Perfect Pie Crust is flaky, tender and most of all tastes great! You want it to taste so good, the filling is second thought! Follow this easy recipe to find out how to do just that.
Perfectcrust can sometimes be intimidating. But it shouldn't be. It's as simple as getting some cold butter mixed into flour with a bit of cold water in the right proportions, in the right way. Piece of cake. I mean pie!
Below are 5 Crust Tips that will help you make perfect pie crust–and then take a look at this little video on how to make it in the food processor. You'll see I try to work quickly and not handle the dough much. Warm hands can melt the butter in the dough and make it tough. This one recipe makes 2 single crusts and you can see how I bring the dough together and divide it in half. It doesn't have to be rocket science.
These 5 tips for perfect pie crust might just change your life.
1 Start with chilled ingredients
Refrigerating everything—yes, even the flour—is key to creating tender, pliable dough. Warm ingredients make tough crust because they bind too quickly with the gluten in the flour.
2 Use shortening and butter
Shortening provides flakiness while butter adds flavor; combining the two gets you the best of both worlds.
3 Add water carefully
Too much water makes the crust tough. But don’t try to play it safe and be stingy. The crust will crack and fall apart without enough liquid. Be sure to have a light hand so you don’t over mix the dough.
4 Crumble-proof your crust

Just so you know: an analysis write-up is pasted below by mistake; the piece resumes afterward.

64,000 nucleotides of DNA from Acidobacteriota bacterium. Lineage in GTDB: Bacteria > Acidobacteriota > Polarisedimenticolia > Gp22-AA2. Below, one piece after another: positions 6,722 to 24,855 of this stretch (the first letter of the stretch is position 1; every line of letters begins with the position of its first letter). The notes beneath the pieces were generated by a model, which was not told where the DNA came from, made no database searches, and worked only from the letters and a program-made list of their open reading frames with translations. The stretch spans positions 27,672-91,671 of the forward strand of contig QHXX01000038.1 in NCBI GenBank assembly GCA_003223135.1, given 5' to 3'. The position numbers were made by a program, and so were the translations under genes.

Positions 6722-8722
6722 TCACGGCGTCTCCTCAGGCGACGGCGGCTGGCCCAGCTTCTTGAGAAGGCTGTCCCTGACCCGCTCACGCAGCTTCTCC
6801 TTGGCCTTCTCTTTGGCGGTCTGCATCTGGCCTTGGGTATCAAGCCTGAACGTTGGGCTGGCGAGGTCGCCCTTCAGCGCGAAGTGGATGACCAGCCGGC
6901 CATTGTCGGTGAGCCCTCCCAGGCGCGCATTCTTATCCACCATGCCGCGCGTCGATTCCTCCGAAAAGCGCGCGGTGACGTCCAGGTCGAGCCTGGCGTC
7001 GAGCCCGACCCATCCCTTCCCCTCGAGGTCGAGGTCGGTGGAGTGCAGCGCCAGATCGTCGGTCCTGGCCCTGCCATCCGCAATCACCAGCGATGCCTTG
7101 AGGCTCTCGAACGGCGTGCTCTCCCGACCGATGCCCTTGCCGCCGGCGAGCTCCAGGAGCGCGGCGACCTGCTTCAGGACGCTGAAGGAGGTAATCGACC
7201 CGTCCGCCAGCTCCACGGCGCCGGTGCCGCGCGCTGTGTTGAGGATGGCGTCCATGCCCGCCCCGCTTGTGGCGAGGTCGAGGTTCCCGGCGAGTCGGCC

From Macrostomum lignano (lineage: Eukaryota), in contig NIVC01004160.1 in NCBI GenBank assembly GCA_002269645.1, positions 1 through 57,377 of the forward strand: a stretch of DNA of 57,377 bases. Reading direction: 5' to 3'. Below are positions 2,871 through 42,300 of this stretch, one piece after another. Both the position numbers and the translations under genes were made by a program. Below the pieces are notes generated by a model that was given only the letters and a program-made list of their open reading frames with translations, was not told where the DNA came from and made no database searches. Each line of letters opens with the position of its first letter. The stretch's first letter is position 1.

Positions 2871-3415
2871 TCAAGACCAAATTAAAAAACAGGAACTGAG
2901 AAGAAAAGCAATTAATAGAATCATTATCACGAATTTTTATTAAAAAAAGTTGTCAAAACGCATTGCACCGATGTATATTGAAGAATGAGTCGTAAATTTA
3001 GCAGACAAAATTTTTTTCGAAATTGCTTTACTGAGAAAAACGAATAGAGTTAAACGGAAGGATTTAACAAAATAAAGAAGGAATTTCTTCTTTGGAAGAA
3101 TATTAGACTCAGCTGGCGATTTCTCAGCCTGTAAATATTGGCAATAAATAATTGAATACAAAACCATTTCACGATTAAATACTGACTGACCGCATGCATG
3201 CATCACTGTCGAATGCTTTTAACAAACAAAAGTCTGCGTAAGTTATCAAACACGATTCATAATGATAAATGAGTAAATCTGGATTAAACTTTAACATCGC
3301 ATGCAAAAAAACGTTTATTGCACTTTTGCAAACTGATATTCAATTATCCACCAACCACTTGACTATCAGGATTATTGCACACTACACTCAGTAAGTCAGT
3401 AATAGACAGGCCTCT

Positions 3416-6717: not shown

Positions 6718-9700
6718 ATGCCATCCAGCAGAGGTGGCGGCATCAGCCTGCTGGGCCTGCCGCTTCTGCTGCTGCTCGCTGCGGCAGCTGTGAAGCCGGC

Do this by using a tenderizer such as salt, vinegar, vodka or lemon juice. Each provides a different hint of flavor.
5 Roll the right way
Lightly flour your work surface, then roll dough from the center outward to create a circle. Lift and move the dough frequently as you work so it doesn’t stick to the surface. Avoid stretching it: stretched dough shrinks during baking.
This Perfect Pie Crust is, well, Perfect! Flakey and tasty.
- 2½ cups all-purpose flour
- 1 tsp salt
- 1 tsp sugar
- 12 tbsp (1½ sticks) cold, unsalted butter cut into pieces
- ¼ cup chilled shortening
- 1 tbsp white vinegar
- ½ cup very cold water
In a food processor, pulse together the flour, salt and sugar. Add the shortening and half the butter. Pulse 8 to 10 times or until mixture is coarse crumbs and some of the butter is pea-size. (Alternately, combine in a bowl using a pastry blender or a fork.)
In a measuring cup, combine vinegar with ½ cup cold water. Add the remaining butter to the food processor, and while pulsing processor, drizzle in just enough water mixture to form dough, 5 to 8 tbsp. (Dough may be slightly dry but will hold together when you pinch it.)
Transfer dough to a sheet of plastic wrap and use the wrap to bring the dough together in one ball. Halve dough, wrap each half in plastic wrap and press into disks. Chill 1 hr or until ready to use. May be kept refrigerated for 3 to 4 days or frozen for up to 4 months.
To pre-bake crust, roll into a 12- to 13-inch circle and gently transfer to pie plate. Trim edges (or decorate as desired) and chill or freeze until very cold. Line cold crust with a double thickness of foil or line with parchment. Fill with pie weights or dry beans and bake at 375ºF until edges are just golden, 12 min. Remove foil or parchment and weights; bake another 10 to 12 min until cooked through. Let cool before filling.
Perfect pie crust can sometimes be intimidating. But it shouldn't be. It's as simple as getting some cold butter mixed into flour with a bit of cold water in the right proportions, in the right way.
Recipe by Tara Bench
Photography Kate Mathis
Food Styling Sara Neumeier
Prop Styling Megan Hedgepeth